Stop for a Smile

Crossing guard Beth Lofland shares secrets to constant positivity


Augusto Moreno Morales

After school, crossing guard Beth Lofland offers motivating words to passing students.

Nadia Esquivel, Staff Writer


Equipped with her shiny silver whistle and words of encouragement, KISD crossing guard Beth Lofland starts out her day with endless positivity, even in the dreariest of weather. As the students greet her every morning and afternoon, she brightens up each Bearkats’ day and makes them feel safe and secure.

As she stops the onslaught of cars, Lofland offers the passing students motivational words to set up their day for success every morning without fail.

“I try to treat everyone the way I would like to be treated; with kindness and respect,” Lofland said. “Also, God and coffee work their magic [to help] me [stay positive] too!”

Especially on their worst days, students are influenced by Lofland’s kindness.

“[Her words] make me feel like the staff actually cares,” sophomore Anna Laser said. “She always makes me smile and it’s a great way to start my day.”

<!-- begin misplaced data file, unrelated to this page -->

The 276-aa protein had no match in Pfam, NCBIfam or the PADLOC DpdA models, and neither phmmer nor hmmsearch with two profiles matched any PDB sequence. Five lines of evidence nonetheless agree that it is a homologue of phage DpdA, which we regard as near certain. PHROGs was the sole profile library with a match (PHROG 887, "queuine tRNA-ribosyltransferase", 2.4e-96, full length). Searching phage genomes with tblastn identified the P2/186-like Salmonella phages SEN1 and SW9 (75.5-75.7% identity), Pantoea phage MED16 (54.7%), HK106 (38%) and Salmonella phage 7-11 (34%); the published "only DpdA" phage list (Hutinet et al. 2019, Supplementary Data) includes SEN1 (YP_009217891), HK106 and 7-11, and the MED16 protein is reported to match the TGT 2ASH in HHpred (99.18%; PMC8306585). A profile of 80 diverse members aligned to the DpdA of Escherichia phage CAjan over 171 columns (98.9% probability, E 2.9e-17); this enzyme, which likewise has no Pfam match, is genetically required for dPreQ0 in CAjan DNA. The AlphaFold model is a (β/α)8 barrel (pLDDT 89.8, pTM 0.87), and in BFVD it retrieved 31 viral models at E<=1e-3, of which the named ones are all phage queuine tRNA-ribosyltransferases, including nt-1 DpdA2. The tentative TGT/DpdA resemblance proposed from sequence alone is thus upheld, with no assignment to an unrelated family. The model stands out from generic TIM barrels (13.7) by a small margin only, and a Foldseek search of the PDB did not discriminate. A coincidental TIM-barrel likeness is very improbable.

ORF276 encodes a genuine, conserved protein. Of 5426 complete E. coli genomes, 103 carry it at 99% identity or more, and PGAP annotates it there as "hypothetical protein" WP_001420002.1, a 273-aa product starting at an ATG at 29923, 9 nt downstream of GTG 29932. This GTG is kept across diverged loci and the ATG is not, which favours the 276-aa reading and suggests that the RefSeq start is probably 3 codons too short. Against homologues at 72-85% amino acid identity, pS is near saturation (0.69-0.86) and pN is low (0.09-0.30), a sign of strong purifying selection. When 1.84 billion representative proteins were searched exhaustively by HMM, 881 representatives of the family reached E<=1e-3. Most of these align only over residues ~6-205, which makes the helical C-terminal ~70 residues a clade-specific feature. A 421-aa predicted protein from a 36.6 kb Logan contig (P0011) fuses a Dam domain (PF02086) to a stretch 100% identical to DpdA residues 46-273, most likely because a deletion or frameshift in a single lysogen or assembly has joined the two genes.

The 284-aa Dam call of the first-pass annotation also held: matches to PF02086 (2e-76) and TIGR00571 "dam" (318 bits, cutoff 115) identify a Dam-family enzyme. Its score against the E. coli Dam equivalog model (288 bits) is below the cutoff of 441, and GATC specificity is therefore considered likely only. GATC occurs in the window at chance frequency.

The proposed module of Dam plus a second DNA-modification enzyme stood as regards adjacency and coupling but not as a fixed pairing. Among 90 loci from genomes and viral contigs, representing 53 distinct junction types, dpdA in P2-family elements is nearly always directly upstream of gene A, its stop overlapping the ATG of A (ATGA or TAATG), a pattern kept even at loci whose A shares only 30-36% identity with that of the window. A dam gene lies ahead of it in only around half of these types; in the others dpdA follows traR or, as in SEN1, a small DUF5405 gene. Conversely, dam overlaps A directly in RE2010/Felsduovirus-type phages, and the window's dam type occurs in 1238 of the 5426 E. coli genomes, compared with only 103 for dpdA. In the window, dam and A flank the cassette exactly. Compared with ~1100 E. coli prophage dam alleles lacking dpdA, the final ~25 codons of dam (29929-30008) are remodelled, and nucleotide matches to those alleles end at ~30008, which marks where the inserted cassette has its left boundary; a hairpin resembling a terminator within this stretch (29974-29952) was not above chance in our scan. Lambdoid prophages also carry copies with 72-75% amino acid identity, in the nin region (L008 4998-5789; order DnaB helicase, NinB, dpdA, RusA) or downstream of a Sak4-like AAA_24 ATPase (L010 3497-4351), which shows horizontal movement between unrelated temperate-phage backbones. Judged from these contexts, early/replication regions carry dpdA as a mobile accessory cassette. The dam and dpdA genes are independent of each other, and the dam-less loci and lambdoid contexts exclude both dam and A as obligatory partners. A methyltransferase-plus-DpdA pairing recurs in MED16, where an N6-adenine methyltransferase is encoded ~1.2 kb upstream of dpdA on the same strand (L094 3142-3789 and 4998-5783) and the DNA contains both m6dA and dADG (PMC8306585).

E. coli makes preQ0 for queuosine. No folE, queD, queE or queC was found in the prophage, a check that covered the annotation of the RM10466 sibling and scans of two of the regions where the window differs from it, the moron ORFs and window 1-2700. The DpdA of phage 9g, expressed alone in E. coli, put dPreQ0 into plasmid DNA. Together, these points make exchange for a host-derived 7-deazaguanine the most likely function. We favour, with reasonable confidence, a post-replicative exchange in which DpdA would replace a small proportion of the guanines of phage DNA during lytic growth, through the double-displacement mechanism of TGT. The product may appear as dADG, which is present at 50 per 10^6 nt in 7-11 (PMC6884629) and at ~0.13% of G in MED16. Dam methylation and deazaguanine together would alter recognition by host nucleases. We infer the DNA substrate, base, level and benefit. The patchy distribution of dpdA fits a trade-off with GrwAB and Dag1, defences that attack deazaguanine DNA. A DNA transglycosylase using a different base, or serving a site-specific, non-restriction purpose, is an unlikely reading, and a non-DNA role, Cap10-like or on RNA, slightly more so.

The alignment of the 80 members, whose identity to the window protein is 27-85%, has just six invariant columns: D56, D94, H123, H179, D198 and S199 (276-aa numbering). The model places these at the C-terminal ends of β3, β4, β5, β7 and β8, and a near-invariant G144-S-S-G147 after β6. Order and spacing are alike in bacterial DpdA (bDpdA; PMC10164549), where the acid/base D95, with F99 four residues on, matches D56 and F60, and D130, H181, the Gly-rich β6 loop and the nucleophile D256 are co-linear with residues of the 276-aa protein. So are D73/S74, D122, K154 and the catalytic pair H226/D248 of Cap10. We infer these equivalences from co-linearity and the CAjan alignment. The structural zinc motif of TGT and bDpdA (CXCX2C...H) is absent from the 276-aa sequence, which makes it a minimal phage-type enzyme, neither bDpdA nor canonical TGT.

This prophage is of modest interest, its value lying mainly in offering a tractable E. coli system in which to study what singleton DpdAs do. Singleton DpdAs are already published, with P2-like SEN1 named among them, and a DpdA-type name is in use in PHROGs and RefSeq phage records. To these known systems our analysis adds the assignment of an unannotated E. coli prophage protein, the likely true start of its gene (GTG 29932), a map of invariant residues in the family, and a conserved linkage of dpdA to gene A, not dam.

After her dad moved in due to Alzheimer’s, Lofland said she knew a full-time job wouldn’t be possible, but she missed working. Never in a million years did she think this job would be as fulfilling as it has turned out to be. 

“My dad lives with us due to early onset Alzheimer’s, and I left the corporate world when we moved to Houston to help take care of him, but I missed having a job,” Lofland said. “I knew I could only work part-time and I saw something posted on the app Nextdoor about Klein ISD needing crossing guards. I called the number, spoke to the supervisor, interviewed and I started training the next day.”

Even though Lofland took on her job sort of unexpectedly, that doesn’t stop her from dedicating her heart and soul to her job. 

“She’s always saying ‘good morning’ to me and asking how I am, and she knows me by name,” junior Blake Smith said. “So, because she makes the effort to care, I feel cared for. And she does positively impact [the time] before and after school. Even a small amount of conversation is enough to brighten my mood.”

Despite her past experience as a student safety guard in 5th grade, Lofland never imagined she’d be a crossing guard, let alone enjoy it quite this much.

“I tell people all the time that this is my favorite job that I have had,” Lofland said. “I enjoy being outside, even in bad weather. It’s the people that I encounter and work with on a daily basis that make it worthwhile.